(Persia Digest) - “Sizdah be dar” is part of the Nowruz celebrations in Iran which takes place on the 13th day of Farvardin. It dates back to at least 4000 years ago. Following the 1979 Islamic revolution in Iran, this day was named as “Nature Day” in the official calendar of the country and is a national holiday.
Some people believe that they must spend the 13th day outdoors to get rid of its curse and bad omen. In reality, no day on the ancient Persian calendar is considered cursed and previous generations have left no evidence behind that “13” is an unlucky number.
History has it that the twelve days of celebrations in Nowruz are for the twelve months of the year. The thirteenth day was spent having a picnic in nature to end the biggest and most important celebration of the year on a happy note.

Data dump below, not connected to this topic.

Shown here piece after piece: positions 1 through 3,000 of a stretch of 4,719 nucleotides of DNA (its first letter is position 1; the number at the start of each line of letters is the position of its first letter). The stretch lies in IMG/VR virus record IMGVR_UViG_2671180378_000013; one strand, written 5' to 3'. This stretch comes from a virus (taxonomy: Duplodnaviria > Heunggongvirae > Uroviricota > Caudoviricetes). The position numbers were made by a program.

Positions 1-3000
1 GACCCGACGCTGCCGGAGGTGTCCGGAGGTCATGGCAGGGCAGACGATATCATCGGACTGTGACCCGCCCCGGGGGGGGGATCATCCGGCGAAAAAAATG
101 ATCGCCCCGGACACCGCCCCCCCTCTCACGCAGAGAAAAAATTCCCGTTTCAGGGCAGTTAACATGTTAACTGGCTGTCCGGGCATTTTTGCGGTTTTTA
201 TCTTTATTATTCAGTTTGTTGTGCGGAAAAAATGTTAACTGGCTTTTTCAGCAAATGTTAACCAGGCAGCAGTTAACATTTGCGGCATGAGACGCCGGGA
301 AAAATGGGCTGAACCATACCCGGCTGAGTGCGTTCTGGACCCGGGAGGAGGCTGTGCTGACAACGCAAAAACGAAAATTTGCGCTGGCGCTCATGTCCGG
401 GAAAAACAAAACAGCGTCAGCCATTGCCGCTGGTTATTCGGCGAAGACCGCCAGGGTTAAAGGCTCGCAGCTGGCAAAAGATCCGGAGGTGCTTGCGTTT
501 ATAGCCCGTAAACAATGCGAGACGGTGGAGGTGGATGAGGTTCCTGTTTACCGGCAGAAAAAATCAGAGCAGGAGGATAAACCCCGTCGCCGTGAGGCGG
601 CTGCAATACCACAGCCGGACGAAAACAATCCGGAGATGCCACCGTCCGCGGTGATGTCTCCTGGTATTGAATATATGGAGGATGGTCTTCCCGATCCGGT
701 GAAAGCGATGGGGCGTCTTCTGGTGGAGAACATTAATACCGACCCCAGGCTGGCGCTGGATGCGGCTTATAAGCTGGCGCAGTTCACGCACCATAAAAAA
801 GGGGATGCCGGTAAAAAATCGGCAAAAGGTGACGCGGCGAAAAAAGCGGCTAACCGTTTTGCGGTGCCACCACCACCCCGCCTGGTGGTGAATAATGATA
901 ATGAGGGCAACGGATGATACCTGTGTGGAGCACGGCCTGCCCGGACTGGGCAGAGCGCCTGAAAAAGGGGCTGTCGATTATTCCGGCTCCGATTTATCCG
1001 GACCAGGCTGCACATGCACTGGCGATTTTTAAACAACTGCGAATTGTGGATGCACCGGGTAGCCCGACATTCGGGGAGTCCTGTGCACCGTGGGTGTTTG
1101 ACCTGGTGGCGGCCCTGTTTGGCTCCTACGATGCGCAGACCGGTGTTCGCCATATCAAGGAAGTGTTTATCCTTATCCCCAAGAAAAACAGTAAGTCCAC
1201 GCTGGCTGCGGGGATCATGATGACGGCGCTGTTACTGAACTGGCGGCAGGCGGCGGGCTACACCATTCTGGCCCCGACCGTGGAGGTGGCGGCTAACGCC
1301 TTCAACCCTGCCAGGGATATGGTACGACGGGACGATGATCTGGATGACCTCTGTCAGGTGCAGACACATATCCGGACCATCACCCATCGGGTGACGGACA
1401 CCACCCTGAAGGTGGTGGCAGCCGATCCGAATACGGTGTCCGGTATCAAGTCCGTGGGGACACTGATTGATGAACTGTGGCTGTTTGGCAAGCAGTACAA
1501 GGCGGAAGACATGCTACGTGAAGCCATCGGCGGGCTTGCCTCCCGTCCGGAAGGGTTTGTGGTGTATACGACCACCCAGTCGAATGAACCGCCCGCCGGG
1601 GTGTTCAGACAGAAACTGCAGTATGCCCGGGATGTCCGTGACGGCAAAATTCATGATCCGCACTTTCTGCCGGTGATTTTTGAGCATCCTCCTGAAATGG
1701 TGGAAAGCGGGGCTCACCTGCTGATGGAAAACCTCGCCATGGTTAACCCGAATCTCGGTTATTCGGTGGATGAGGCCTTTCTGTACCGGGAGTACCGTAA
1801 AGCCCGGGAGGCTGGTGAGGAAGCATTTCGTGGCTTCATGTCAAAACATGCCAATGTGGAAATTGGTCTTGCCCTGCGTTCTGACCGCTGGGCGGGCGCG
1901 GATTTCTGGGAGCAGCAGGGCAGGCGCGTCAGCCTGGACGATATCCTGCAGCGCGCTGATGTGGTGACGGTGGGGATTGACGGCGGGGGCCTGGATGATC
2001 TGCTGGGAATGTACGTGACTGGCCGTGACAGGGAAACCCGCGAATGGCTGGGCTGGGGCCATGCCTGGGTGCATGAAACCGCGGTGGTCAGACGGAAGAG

The 13th day of every month on the Iranian calendar is called “Tir ruz”, belonging to the rain star. Thus, it is believed that “Sizdah be dar” is celebrated for the victory of the rain yazata over the demon of drought, Apush. This day has been celebrated since before the days of Ashu Zarathushtra (1800 BCE). People spent the day in nature and alongside brooks, singing and dancing and wishing for rain from Divinity.
“Sizdah be dar” has its own particular customs, including tying knots in the grass, throwing the sabzeh sprouts in the river, eating lettuce and oxymel, and cooking special dishes, especially “Ash reshteh”. On 13 Farvardin, the Nowruz sabzeh were thrown in the running rivers, hoping that the seeds would continue to grow. To this day, it is still believed that the sabzeh must be left out in nature to impregnate nature and grow. Single girls must also tie knots in it for the good fortune of finding a husband.